- State Highways: These roads link the different district headquarters with each other. These roads and laid and maintained by the State Public Works Department (PWD).
- District Roads: These roads connect the district headquarters with other places in the district. These are maintained by Zila Parishad.
- Other Roads: These include the rural roads which link rural areas and towns. These roads are maintained under the Pradhan Mantri Grameen Sadak Yojana.
- Border Roads: These roads are constructed and maintained by the Border Roads Organisation. The BRO was set up in 1960 to develop roads with strategic importance in north and north-eastern regions of the country. these roads have helped improve accessibility to the areas with difficult terrain and helped in their economic development.
Ques.2: How is the distribution pattern of Indian railways influenced by physiographic, economic and administrative factors?
Ans.2: India is a country with varied physiographic features and these features majorly influence the distribution of transport means in the country, majorly railways. The railways are the most convenient means of transportation in the northern plains of India as these plains are flat stretches of land. The region houses a highly dense population with a large number of agricultural fields, thereby supporting transportation across the region. Contrary to this, in the areas with rugged and hilly topography, railway lines are laid through tunnels, hills, and gaps. The Himalayan region is highly unfavourable for the construction of railway tracks. Similarly, the deserts of Rajasthan, forests of Madhya Pradesh, Chhattisgarh, Odisha and Jharkhand, railway lines cannot be constructed. The region of Sahyadris can only be crossed through gaps and passes. Recently, Konkan railway has been developed which has facilitated the movement of goods and people as it is one of the important economic regions of India.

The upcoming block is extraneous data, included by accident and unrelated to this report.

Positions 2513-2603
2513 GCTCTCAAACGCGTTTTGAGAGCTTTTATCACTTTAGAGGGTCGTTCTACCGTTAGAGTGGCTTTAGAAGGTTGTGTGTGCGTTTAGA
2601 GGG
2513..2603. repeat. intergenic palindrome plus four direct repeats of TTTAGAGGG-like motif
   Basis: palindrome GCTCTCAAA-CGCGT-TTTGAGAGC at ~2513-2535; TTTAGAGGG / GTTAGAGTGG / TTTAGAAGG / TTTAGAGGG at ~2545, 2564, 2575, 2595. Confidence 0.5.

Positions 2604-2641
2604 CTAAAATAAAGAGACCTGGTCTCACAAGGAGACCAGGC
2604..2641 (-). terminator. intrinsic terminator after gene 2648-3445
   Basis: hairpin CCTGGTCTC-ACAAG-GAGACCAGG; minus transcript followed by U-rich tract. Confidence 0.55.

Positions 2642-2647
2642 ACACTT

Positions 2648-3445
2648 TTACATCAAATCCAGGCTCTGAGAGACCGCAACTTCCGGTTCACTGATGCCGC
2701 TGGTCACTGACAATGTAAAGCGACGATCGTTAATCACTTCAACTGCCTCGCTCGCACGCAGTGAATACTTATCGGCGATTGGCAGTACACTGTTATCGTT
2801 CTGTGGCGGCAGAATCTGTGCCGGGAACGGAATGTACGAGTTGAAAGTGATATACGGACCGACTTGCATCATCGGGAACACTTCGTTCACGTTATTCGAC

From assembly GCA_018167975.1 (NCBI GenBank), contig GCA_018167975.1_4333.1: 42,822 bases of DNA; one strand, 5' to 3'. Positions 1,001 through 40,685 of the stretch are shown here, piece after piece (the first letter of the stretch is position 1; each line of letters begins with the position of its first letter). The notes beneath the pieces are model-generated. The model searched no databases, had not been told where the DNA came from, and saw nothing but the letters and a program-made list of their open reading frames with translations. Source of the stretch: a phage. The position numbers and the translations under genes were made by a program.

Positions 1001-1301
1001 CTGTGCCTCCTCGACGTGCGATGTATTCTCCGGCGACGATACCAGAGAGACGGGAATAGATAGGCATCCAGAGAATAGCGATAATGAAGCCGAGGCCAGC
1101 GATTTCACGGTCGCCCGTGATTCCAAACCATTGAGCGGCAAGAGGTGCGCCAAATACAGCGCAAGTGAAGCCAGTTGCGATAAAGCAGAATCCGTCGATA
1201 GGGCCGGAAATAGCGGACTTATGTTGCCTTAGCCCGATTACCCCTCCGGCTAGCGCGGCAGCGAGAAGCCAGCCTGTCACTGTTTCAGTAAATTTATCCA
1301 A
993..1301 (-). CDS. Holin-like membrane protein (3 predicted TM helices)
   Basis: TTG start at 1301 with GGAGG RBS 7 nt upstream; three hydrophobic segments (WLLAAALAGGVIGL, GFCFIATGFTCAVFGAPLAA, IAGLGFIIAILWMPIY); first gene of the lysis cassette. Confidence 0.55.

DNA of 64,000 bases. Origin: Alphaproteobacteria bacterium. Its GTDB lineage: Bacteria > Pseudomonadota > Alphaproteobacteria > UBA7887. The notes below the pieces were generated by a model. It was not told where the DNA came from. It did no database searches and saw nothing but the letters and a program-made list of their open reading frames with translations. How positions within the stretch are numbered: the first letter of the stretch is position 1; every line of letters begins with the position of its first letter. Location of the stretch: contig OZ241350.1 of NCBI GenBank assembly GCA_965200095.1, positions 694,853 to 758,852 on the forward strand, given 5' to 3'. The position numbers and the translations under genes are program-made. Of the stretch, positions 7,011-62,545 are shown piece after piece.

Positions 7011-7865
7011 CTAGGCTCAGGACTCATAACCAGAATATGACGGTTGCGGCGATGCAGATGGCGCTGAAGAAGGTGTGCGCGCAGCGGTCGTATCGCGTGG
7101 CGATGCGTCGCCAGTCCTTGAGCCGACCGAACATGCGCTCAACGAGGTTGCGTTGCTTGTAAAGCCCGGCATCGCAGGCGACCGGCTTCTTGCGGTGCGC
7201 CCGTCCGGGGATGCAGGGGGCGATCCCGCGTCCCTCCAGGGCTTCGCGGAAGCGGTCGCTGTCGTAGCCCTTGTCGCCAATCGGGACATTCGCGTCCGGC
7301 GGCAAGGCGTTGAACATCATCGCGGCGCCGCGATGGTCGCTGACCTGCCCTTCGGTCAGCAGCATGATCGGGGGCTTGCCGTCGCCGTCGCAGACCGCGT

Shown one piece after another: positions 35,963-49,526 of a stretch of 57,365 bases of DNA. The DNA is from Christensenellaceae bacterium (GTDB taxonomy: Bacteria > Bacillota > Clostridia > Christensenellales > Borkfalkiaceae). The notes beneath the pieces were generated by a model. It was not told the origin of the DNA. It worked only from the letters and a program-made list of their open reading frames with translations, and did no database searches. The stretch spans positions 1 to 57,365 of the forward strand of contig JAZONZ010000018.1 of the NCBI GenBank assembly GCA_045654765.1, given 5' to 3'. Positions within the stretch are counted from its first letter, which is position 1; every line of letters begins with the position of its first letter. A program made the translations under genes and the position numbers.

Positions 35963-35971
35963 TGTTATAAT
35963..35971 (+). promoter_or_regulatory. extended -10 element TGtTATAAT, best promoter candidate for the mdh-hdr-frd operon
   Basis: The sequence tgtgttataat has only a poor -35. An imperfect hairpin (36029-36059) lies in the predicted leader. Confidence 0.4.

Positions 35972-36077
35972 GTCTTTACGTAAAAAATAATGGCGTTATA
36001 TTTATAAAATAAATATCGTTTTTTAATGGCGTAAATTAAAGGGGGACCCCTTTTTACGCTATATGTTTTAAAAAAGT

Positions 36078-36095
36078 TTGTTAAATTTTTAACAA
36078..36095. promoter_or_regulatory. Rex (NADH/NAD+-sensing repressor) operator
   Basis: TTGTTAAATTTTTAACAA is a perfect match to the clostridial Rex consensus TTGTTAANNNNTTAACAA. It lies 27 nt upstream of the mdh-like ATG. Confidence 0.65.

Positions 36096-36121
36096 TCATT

Ques.3: Write a detailed note on major seaports of India.
Ans.3: India has a long coastline of 7,516.6 km, and this coastline houses 12 major and 200 minor/intermediate ports. Major ports include:
- Kandla Port: It is a tidal port developed in Kuchchh in Gujarat. It was the first port developed after independence. The major reason behind the development of this port was to ease the trade at Mumbai port, which had bulk trade due to the loss of Karachi port to Pakistan. It is also known as Deendayal Port. This port handles the trade of granary and industrial belt of India.